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ESG reporting in Australia: The path forward.

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Environmental social governance (ESG or sustainability) reporting in Australia is a phenomenon driven by broad stakeholder demand rather than specific legislation.

Today, there is no specific legislative requirement for ESG reporting in Australia. However, many ASX-listed companies (57% of ASX 200 @ 2022), private companies and other entities have been preparing ESG reports of some description for years, using voluntary international reporting standards.

Regulator guidance encouraging aspects of ESG reporting includes:

  • In 2021, the Australian Securities and Investments Commission (ASIC) stated that disclosing and managing climate change risks (as one component of ESG) is a key director responsibility
  • ASIC had previously noted that climate change (amongst other risks) could have a material impact on the future financial position, performance or prospects of entities.  ASIC noted that directors may consider disclosing in the operating and financial review contained in the director’s report additional information that would be relevant under integrated reporting, sustainability reporting or the recommendations of the Task Force on Climate-related Financial Disclosures (TCFD).
  • For ASX-listed companies, the 4th Edition Corporate Governance Principles and Recommendation 7.4, published in 2019, states that “A listed entity should disclose whether it has any material exposure to environmental or social risks and, if it does, how it manages or intends to manage those risks.”

What has driven ESG reporting so far?

Entities have been producing ESG reports for years for a variety of reasons, including to:

  • Report progress on activities seeking to operate in an environmentally friendly and ethical manner with a positive social impact for its stakeholders, which may have previously been reported under ‘corporate social responsibility’, ‘triple bottom line’ (people, profit, planet), or ‘integrated reporting’.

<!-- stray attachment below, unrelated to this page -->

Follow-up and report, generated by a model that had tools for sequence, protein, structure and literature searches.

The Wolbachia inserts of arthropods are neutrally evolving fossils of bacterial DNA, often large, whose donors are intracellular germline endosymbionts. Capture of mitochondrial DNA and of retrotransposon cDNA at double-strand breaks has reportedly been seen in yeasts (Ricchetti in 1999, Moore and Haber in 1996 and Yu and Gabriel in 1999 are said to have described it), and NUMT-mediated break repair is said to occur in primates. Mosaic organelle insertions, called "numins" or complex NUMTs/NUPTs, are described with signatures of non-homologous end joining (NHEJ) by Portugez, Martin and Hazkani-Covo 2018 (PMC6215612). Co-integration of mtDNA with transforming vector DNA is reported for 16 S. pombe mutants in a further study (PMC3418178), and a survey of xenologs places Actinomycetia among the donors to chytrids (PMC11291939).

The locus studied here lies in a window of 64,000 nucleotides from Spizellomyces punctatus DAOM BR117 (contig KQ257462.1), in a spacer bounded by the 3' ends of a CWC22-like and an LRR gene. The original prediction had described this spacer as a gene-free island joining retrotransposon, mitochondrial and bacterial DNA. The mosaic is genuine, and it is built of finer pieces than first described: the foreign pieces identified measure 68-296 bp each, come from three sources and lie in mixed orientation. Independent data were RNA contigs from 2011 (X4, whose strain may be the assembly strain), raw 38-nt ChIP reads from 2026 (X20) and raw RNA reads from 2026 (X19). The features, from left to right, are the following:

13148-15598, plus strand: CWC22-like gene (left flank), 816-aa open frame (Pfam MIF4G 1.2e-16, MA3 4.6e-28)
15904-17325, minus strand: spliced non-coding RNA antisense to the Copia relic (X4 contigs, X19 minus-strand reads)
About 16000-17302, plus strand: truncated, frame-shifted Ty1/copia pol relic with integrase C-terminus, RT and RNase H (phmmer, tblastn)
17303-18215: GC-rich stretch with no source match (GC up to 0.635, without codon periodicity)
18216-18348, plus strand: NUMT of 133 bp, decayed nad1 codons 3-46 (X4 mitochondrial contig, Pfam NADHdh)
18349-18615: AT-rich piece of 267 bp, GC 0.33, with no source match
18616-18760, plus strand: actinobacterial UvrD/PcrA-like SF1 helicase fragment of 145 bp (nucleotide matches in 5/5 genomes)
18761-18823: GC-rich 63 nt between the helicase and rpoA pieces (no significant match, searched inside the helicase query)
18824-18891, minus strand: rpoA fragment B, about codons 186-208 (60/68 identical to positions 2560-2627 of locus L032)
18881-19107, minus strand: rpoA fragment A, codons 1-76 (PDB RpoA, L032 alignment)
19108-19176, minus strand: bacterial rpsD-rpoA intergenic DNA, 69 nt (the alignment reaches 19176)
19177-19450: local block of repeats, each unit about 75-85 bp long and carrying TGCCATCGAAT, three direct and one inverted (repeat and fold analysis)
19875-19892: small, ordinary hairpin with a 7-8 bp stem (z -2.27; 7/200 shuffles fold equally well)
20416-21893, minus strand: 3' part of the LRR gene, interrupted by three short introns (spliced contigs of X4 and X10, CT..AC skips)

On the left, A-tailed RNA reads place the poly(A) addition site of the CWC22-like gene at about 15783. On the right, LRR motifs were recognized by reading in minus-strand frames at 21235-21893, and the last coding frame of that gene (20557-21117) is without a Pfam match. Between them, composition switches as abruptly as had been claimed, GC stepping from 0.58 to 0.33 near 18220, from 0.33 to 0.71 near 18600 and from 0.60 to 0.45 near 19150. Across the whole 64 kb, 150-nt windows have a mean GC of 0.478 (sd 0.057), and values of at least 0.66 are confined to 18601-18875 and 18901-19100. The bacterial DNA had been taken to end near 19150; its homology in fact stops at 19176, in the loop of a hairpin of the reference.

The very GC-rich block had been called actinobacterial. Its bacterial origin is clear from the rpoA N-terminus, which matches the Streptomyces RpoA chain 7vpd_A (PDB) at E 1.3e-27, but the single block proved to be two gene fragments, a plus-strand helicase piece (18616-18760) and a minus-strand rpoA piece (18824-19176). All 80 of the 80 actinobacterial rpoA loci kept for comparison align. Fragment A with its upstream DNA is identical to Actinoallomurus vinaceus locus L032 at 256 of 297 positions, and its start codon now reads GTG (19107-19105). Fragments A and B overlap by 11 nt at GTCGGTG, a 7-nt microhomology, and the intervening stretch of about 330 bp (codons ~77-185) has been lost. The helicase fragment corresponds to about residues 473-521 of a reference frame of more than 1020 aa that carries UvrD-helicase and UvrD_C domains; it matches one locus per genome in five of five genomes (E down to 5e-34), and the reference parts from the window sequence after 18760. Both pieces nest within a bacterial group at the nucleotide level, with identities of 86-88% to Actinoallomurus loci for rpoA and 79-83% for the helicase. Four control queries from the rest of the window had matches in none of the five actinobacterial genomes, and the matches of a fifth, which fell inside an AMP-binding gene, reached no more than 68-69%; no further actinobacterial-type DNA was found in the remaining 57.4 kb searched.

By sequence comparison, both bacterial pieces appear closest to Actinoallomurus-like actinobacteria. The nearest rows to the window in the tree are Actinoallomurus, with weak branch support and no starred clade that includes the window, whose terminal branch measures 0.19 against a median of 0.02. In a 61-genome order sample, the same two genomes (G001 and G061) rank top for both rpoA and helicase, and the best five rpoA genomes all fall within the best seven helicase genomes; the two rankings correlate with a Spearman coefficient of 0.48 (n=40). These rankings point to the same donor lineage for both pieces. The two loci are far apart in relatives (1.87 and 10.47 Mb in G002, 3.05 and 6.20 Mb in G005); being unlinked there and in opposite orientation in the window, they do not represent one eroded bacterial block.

• Maintain access to capital, as institutional and retail investors worldwide have demanded more information regarding their investments, particularly with the rise of ethical investment funds, which represent 36% of the Australian investment market
  • Maintain and increase sales to customers who are increasingly more aware of ESG impacts and will prefer to buy from ethical and ‘green’ companies
  • Attract and retain talent, as prospective employees choose to work for entitles who, at a minimum, do not harm the environment and community
  • As part of managing relationships with institutional investors, companies increasingly need to satisfy ESG proxy advisors and other rating agencies, which assess, report on, and rank companies’ ESG credentials and ‘investability’, whether the companies choose to engage with them or not.

What does an ESG report contain?

The ‘pillars’ of ESG reporting may include the following:


  • Biodiversity impacts
  • Energy consumption and sources
  • Land and natural resource use